I have always thought Google was a horrible excuse for a search engine. Because of that, I never have and probably never will try anything else they've come up with. Just reading about and looking at their awful excuse for a home page repulses me. Looks like they are following the same trend that M$, AOL, and others have developed - telling users what they want, instead of asking them. :thumbsup:

If you look at the design of the browser you'll see that they're making things quite out of step with MS and AOL in that their browser is designed from the ground up specifically to cut down on bloat and utilize system resources as efficiently as possible. Note how each tab spawns a separate process, so if any page or applet malfunctions or hangs it won't deter the other tabs, and the errant tab can simply be closed from its process without taking down the entire browser.

This behavior is especially contrasted to Microsoft now that Internet Explorer v.8 beta has come out, which consumes more system resources than an entire Windows XP installation.



I'll probably give Chrome a run later on, not gonna install it here on the work machine obviously.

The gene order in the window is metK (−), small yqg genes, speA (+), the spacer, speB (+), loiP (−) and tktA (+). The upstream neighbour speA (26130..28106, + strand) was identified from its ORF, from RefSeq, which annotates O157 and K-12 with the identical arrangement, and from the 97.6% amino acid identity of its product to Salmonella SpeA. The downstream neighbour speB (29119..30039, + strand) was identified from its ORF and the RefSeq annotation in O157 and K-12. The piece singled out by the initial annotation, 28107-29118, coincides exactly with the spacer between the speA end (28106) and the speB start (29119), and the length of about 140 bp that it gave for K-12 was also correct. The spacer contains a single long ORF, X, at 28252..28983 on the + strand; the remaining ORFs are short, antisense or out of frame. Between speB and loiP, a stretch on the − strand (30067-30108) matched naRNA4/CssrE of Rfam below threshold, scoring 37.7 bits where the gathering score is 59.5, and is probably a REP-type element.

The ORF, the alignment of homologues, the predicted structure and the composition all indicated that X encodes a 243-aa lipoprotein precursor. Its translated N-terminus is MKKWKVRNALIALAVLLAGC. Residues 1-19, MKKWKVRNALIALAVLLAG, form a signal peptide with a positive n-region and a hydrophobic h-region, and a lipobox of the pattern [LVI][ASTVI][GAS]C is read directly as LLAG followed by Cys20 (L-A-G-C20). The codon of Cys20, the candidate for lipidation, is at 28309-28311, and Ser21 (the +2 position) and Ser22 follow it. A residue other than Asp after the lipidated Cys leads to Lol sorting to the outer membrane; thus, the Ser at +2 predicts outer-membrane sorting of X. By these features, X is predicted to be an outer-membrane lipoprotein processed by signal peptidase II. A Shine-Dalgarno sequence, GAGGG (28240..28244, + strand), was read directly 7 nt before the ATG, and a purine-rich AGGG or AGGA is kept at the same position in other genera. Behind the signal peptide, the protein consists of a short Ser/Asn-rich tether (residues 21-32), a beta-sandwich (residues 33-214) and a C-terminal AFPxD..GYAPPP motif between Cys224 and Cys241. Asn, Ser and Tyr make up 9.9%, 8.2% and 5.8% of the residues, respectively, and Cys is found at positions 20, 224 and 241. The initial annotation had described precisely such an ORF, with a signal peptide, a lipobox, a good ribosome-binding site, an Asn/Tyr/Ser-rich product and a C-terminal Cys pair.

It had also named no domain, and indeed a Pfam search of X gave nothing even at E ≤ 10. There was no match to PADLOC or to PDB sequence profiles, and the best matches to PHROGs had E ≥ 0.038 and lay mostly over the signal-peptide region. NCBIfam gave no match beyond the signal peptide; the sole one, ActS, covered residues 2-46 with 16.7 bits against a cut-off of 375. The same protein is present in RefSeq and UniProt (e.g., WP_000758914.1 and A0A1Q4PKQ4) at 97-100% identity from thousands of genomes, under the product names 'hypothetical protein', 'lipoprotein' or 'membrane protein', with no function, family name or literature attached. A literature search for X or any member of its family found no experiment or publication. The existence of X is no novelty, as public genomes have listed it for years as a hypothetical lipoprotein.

I doubt I'll give up Firefox though, I've come to live on several FF extensions and I ain't giving them up. :flowers:
Although if Google does it right, Chrome will be a nice alternative to people who complain about Firefox's memory footprint. I've never seen FF's memory usage to be a problem myself, but some people freak when they see over 90megs in the process list.
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#8 MattV

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Posted 02 September 2008 - 04:33 PM

I have always thought Google was a horrible excuse for a search engine. Because of that, I never have and probably never will try anything else they've come up with. Just reading about and looking at their awful excuse for a home page repulses me. Looks like they are following the same trend that M$, AOL, and others have developed - telling users what they want, instead of asking them. :thumbsup:

If you look at the design of the browser you'll see that they're making things quite out of step with MS and AOL in that their browser is designed from the ground up...